Resistant forms of wheat produce an enzyme called oxalate oxidase, which breaks down the acid, thereby blocking the dispersal of the disease and preventing the growth of those crystals. Scientists have introduced this wheat gene into American chestnuts. And in 2014, they revealed that they'd produced a 100% resistant tree that passed the trait onto its offspring — success!

But… the trees haven't been planted. Yet. The researchers have conducted some preliminary studies to show the trees don't cause any unexpected harm to the organisms that live in the environments they once inhabited.

And then, they requested permission from the US Department of Agriculture to release the transgenic trees into the wild. But they're still waiting for the green light. And that could take a while, if it's ever granted at all.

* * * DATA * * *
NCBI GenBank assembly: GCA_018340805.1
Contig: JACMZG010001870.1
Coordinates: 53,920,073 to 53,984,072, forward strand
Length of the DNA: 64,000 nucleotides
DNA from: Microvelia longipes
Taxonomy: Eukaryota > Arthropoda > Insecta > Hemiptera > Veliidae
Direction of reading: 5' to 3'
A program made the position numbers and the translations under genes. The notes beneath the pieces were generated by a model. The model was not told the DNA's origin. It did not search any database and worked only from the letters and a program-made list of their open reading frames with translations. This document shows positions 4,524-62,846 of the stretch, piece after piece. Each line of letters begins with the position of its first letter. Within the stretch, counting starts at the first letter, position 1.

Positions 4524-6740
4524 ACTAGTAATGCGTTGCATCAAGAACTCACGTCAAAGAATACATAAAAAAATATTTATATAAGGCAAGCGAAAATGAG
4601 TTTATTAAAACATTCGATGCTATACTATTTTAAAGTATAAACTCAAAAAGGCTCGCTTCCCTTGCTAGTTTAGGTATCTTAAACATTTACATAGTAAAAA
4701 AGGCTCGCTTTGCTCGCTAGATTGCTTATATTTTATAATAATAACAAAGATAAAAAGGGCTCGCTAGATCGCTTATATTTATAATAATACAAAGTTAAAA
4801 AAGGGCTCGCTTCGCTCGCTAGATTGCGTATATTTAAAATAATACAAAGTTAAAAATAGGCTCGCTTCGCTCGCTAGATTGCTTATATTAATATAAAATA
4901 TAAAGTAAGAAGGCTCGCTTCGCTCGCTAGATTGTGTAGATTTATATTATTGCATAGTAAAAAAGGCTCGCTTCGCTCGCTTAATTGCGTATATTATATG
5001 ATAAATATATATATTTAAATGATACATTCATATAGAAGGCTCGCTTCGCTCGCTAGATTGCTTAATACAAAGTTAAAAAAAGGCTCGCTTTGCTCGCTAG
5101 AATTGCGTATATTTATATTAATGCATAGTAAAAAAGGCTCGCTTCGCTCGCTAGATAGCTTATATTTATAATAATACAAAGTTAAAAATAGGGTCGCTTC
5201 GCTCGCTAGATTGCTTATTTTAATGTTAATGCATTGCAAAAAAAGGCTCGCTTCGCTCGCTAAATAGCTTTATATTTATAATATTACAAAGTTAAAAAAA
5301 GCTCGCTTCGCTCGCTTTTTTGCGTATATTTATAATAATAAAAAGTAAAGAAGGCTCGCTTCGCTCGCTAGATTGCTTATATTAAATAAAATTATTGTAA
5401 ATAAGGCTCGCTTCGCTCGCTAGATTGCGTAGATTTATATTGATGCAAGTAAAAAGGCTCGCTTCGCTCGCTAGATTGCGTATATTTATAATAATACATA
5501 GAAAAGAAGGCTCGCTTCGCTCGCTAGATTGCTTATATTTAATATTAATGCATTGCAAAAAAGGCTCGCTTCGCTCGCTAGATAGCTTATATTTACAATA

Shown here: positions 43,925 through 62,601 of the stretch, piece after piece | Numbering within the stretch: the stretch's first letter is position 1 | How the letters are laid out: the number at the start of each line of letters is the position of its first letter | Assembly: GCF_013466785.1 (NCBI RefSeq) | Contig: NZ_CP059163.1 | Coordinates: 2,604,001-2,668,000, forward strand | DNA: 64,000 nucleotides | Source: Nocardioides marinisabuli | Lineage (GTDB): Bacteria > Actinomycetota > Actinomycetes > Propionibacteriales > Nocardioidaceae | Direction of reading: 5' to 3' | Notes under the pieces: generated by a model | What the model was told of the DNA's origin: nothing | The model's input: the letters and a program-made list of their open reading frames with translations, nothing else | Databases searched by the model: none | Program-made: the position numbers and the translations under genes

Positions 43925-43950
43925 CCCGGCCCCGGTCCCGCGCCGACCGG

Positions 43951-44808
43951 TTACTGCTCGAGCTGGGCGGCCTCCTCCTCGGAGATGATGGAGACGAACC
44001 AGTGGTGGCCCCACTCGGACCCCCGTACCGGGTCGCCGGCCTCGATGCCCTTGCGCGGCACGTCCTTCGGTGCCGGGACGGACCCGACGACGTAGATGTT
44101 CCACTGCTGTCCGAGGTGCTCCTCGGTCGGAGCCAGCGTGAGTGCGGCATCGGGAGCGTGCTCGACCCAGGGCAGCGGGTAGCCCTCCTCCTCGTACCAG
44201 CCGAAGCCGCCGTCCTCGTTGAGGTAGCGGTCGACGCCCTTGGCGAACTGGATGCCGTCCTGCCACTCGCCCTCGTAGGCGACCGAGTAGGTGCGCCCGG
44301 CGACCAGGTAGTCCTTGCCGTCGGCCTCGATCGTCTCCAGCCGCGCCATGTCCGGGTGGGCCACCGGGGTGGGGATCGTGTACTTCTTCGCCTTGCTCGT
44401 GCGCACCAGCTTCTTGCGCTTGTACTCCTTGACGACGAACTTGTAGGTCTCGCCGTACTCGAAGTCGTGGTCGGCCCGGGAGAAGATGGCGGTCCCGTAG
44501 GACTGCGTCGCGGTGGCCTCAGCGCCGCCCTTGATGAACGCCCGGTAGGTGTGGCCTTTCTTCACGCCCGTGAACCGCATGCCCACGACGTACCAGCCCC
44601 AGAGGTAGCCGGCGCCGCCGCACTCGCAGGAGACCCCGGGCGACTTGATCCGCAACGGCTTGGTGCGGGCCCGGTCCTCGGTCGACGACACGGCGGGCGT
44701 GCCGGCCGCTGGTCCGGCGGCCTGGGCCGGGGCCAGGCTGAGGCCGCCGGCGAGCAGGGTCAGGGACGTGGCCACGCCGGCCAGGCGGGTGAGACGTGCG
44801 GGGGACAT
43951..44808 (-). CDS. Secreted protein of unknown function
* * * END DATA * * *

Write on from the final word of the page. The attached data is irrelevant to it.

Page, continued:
Aside from the general anxiety that accompanies the development of any GMO, some ecologists worry that a return of the American chestnut would disrupt a century-old ecosystem that's developed without it. On the other hand, if successfully put in action, this method could also work for restoring other wild tree populations beleaguered by fungal invasives, like elm trees. I guess only time will tell if the Sequoia of the East will once again stand tall.

Thanks for watching this episode of SciShow! If you liked learning about the efforts to revive the American chestnut, you might like our episode on how scientists could bring extinct animals back. And if you like what you see in general, click that subscribe button to catch every episode! [ ♪OUTRO ].